That night at Nashville’s Belcourt Theater, I brought some of my own good friends along – some who lean left, some who lean right, some who just sort of slouch. Funny thing, when you put them together in the name of the Spirit it kind of works out for them to start leaning on each other, and now maybe, maybe, we can start facing the work in front of us and try to get something done. Because, God knows, Christ knows, there’s an awful lot of work to do.

One doesn’t hear Wallis and say, “What a great speaker; I’m so entertained.” Instead, the effect of hearing him is the feeling that you must do something. Cynicism is not allowed—that’s a cover, says Wallis, for non-commitment.

If there is a politics of God, it is to sign people up for mission and service. God is personal and but never private, s. So his agenda—or politics—is a social one. We are not called to a private faith any more than we are called to an oxymoronic private social agenda. A major key, says Wallis, is remaining hopeful that the world can be changed, that the wind can be changed. And one would only hope that we don’t simply sit and watch Wallis try to do it but to join the impossible dream of changing the wind with him.

So go ahead and vote for your guy on election day. But when you do, don’t think for a moment that you have exercised the whole of your responsibility because if there is a politics of God, it is not to sign people up not to be a Democrat or a Republican, but for mission, for service, and for something as frightening as a death of ourselves in service of God’s mission to redeem a fallen, broken world. If you are among those who have heard the cries on the other side of the wall, then perhaps you too are being called. Wallis is fond of repeating his catchphrase that “faith is personal but never private.”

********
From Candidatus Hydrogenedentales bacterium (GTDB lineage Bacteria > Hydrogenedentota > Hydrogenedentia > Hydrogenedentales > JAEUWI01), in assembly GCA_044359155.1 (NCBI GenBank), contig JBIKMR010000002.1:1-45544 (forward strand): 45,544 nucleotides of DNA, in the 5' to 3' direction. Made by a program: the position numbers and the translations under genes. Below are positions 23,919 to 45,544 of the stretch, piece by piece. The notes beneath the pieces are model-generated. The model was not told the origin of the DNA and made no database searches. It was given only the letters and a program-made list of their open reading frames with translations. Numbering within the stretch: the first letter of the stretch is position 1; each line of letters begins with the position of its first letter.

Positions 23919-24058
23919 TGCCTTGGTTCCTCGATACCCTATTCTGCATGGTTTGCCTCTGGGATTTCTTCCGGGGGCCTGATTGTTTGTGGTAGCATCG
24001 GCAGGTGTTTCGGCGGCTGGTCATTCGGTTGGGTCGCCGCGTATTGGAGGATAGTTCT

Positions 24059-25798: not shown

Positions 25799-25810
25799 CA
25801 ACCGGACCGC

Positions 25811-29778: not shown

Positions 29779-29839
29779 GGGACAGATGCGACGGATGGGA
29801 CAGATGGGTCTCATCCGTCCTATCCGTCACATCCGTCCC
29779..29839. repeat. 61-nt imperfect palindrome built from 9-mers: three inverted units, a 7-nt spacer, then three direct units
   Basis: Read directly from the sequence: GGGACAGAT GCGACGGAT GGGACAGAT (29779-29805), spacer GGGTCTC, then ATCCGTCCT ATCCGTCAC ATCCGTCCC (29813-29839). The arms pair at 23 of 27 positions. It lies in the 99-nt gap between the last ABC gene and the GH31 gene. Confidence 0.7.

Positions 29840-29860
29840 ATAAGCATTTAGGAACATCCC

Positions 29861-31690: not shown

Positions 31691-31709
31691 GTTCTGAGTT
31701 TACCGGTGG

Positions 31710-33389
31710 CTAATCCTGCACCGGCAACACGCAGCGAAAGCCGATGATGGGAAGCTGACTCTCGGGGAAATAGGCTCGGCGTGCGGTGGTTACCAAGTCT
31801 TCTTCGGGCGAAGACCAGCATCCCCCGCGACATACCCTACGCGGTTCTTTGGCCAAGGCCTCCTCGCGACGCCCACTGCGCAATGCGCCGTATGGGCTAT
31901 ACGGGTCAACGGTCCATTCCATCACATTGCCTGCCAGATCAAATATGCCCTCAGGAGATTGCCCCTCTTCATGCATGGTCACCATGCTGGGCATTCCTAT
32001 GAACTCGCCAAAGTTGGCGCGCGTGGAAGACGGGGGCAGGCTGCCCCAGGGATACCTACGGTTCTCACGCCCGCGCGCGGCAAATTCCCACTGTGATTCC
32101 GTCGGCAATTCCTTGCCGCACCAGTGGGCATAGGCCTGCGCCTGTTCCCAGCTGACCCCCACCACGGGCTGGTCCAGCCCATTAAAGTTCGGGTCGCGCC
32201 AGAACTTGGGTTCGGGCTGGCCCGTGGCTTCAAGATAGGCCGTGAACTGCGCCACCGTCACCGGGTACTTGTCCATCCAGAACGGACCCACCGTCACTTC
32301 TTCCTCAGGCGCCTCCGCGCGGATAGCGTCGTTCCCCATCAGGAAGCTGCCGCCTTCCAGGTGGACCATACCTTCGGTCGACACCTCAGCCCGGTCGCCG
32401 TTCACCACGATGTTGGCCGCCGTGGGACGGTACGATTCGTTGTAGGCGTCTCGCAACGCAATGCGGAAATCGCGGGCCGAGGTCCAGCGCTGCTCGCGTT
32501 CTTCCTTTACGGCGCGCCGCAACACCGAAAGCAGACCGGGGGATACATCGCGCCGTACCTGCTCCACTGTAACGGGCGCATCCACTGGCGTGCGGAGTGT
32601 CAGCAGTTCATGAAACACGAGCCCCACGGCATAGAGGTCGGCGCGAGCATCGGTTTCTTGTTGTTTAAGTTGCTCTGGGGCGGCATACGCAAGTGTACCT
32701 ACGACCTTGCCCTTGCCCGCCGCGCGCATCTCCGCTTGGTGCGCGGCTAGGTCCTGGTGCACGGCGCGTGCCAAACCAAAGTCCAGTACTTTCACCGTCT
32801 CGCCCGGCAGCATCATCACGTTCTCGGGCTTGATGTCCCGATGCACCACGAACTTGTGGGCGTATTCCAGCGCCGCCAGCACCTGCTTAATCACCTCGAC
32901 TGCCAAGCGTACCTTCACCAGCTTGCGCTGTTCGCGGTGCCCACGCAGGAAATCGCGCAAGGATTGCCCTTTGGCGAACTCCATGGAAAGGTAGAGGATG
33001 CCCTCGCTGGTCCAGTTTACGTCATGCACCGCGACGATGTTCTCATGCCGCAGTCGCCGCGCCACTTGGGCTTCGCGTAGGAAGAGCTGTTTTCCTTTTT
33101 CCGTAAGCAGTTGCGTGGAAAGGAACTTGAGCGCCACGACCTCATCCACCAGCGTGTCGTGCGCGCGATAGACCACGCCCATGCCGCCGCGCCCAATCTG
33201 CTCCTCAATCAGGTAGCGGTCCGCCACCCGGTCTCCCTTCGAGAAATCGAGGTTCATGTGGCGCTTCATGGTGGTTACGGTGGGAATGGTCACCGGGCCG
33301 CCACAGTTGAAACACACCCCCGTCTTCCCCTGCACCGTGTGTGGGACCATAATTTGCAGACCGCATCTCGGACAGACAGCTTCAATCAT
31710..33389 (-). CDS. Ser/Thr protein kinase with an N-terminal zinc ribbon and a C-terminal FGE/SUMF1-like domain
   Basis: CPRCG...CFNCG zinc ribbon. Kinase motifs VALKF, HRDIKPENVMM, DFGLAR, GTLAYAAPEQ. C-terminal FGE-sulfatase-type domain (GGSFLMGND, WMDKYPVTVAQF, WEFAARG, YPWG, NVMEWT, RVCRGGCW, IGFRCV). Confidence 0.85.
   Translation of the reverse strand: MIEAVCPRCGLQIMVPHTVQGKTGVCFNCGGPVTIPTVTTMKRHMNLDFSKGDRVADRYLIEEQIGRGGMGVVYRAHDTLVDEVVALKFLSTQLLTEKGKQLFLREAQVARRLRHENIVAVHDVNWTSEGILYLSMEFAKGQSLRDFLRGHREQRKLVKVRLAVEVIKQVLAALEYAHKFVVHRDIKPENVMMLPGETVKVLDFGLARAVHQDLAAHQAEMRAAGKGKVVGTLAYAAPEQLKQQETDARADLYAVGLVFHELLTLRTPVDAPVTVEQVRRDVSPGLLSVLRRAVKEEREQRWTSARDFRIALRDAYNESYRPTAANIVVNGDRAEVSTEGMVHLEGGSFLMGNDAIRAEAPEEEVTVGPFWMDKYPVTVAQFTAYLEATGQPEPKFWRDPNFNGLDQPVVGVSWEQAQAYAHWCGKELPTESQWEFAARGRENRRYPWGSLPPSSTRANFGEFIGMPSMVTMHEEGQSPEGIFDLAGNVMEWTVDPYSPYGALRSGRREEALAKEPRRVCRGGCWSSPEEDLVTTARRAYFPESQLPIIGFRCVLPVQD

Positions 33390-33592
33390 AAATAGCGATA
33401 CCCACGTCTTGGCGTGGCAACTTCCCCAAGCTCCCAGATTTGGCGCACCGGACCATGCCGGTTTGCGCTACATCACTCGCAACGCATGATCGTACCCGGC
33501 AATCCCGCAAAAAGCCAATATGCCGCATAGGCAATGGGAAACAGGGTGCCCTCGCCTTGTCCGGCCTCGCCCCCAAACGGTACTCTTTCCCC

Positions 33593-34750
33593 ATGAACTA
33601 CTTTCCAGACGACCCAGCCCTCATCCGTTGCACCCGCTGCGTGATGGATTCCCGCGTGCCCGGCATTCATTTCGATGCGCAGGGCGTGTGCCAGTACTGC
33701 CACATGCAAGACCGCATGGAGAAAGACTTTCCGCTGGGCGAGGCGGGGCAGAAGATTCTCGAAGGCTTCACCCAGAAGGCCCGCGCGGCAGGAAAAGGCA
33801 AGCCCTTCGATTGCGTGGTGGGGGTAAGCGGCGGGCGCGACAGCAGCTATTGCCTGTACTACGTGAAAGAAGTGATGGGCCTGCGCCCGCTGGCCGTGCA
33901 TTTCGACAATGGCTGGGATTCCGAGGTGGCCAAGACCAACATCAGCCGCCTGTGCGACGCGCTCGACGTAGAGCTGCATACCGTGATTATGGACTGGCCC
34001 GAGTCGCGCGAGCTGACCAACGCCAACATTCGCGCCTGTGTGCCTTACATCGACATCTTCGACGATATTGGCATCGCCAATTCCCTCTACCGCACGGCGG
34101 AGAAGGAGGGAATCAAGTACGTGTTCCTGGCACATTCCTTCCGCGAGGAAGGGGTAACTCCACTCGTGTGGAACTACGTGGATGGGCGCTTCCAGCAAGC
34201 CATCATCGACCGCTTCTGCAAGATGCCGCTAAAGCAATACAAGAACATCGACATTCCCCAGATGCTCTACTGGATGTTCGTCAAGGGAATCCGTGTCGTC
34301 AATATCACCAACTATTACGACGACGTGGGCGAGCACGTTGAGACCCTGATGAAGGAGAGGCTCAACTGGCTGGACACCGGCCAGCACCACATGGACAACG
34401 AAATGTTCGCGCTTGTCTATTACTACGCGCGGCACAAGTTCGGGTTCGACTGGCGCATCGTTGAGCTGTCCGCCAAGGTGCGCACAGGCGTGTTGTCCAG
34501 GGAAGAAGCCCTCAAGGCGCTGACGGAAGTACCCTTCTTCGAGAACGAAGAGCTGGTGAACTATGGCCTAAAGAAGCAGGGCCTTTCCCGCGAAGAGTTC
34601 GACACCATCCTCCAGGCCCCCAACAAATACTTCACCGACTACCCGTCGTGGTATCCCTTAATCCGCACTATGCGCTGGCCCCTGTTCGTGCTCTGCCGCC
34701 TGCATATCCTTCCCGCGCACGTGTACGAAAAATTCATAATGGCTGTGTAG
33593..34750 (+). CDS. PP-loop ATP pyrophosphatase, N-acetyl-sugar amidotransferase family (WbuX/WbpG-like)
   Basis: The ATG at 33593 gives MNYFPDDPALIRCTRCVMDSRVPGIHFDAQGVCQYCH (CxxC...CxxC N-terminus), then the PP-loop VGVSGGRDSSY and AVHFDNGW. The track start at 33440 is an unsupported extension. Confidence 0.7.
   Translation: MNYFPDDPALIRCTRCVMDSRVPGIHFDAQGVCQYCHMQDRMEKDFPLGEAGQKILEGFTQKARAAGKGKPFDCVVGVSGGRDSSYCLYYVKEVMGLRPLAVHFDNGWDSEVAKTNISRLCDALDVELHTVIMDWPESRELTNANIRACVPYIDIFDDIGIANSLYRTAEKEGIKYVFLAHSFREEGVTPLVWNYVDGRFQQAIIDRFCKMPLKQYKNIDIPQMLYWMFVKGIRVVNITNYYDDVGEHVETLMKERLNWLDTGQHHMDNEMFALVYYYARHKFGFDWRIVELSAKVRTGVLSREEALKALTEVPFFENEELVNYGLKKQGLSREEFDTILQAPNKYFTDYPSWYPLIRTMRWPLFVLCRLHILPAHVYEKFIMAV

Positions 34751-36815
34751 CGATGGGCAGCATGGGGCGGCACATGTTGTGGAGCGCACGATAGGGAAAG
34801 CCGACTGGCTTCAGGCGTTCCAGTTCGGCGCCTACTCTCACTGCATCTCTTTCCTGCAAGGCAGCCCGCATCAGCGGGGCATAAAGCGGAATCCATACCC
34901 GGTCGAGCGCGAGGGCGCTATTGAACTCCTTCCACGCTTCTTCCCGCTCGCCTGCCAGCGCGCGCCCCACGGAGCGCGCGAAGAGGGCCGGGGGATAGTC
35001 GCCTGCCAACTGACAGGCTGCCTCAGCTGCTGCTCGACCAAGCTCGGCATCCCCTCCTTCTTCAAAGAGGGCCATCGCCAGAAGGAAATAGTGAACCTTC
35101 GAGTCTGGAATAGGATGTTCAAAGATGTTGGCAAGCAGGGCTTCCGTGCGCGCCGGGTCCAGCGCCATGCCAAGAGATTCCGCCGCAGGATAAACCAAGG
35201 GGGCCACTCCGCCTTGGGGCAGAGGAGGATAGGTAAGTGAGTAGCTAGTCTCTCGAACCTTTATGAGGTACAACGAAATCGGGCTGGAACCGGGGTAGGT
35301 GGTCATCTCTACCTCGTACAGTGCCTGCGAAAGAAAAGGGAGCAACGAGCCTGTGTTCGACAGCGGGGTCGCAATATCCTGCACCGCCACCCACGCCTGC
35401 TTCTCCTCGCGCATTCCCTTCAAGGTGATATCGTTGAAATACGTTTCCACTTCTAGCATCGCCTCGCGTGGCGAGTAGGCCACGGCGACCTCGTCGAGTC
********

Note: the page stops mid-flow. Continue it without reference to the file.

In other words, our prayers may indeed belong in the closet, but our feet need to be taking us into the streets.
New Wineskins

David HutchensDavid Hutchens is author of Outlearning the Wolves, Shadows of the Neanderthal and The Lemming Dilemma, titles in the popular Learning Fables books (Pegasus Communications, Cambridge MA) – a series on organizational learning theory in a fun, metaphorical format. His books have been translated into Japanese, Korean, Portuguese, and Spanish. His first book to a children’s market, PageLand, was published in 2003 by Broadman & Holman. Hutchens is also a professional speech writer and consultant.

Greg TaylorGreg Taylor is managing editor of New Wineskins magazine in Nashville, Tennessee. Greg is associate minister for the Garnett Church of Christ in Tulsa, Oklahoma. He holds an M.Div. from Harding Graduate School of Religion in Memphis. With John Mark Hicks he co-authored Down in the River to Pray: Revisioning Baptism as God’s Transforming Work. He is also author of the new novel, High Places (Leafwood Publishers 2004). Greg and his wife, Jill, have three children: Ashley, Anna, and Jacob. The family lived in Uganda, where they worked with a church planting team.

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Profile photo of Matt DabbsThis author published 1577 posts in this site.
Matt is the preaching minister at the Auburn Church of Christ in Auburn, Alabama. He and Missy have been married 12 years and are raising two wonderful boys, Jonah and Elijah. Matt is passionate about reaching and discipling young adults, small groups, and teaching. Matt is currently the editor and co-owner of Wineskins.org.